Ideally, during the business cycle, you will have more money flowing in than flowing out. This will allow you to build up cash balances with which to plug cashflow gaps, seek expansion and reassure lenders and investors about the health of your business.
You should note that income and expenditure cashflows rarely occur together, with inflows often lagging behind. Your aim must be to speed up the inflows and slow down the outflows.
- Payment for goods or services from your customers
- Receipt of a bank loan
- Interest on savings and investments
- Shareholder investments
- Increased bank overdrafts or loans
- Purchase of stock, raw materials or tools
- Wages, rents and daily operating expenses
- Purchase of fixed assets - PCs, machinery, office furniture, etc
- Loan repayments
- Dividend payment
- Income tax, corporation tax, VAT and other taxes
- Reduced overdraft facilities
Many of your regular cash outflows, such as salaries, loan repayments and tax, have to be made on fixed dates. You must always be in a position to meet these payments in order to avoid large fines or a disgruntled workforce.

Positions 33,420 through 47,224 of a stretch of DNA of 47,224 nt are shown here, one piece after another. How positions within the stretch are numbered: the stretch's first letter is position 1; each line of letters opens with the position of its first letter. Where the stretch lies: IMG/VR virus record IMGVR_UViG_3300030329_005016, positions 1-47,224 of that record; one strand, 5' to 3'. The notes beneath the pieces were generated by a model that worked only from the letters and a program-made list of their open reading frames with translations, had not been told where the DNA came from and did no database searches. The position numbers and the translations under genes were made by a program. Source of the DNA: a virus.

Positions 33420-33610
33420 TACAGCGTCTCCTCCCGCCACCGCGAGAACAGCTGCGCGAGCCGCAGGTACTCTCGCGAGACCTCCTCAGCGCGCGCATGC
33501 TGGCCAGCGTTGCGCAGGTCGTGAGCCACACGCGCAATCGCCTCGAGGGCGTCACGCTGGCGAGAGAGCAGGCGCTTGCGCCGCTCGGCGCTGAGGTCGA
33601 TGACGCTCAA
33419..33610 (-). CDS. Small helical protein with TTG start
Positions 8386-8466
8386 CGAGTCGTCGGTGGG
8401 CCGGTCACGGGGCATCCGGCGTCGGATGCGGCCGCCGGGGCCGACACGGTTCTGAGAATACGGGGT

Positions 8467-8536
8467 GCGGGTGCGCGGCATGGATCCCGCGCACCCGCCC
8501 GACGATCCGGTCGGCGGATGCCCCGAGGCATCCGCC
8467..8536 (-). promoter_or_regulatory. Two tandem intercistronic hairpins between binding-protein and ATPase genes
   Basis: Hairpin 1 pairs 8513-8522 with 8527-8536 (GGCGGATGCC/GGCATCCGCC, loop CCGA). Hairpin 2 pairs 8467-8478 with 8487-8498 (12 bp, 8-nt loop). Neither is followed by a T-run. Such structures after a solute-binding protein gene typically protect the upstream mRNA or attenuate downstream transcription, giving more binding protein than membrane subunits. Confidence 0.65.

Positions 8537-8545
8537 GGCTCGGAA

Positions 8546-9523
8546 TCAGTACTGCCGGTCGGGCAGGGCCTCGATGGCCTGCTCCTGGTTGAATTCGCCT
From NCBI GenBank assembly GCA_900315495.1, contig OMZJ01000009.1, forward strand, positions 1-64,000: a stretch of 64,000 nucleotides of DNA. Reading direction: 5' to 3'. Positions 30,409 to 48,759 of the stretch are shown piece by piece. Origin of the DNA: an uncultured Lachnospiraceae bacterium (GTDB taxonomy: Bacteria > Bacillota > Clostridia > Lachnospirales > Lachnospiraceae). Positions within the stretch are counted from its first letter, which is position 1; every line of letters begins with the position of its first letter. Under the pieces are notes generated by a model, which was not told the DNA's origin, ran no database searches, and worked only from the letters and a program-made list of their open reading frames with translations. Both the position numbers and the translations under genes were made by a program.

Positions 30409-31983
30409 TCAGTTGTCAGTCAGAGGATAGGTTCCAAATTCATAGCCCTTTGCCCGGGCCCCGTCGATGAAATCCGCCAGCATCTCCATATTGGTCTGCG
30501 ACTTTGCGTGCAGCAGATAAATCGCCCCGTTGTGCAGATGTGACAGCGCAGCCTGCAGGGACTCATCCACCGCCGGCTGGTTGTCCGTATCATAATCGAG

To improve everyday cashflow you can:
- Ask your customers to pay sooner
- Chase debts promptly and firmly
- Use factoring
- Ask for extended credit terms with suppliers
- Order less stock but more often
- Lease rather than buy equipment
- Improve profitability
You can also improve cashflow by increasing borrowing, or putting more money into the business. This is suitable for coping with short-term downturns or to fund growth in line with your business plan, but shouldn't form the basis of your cash strategy.
The principles of cashflow forecasting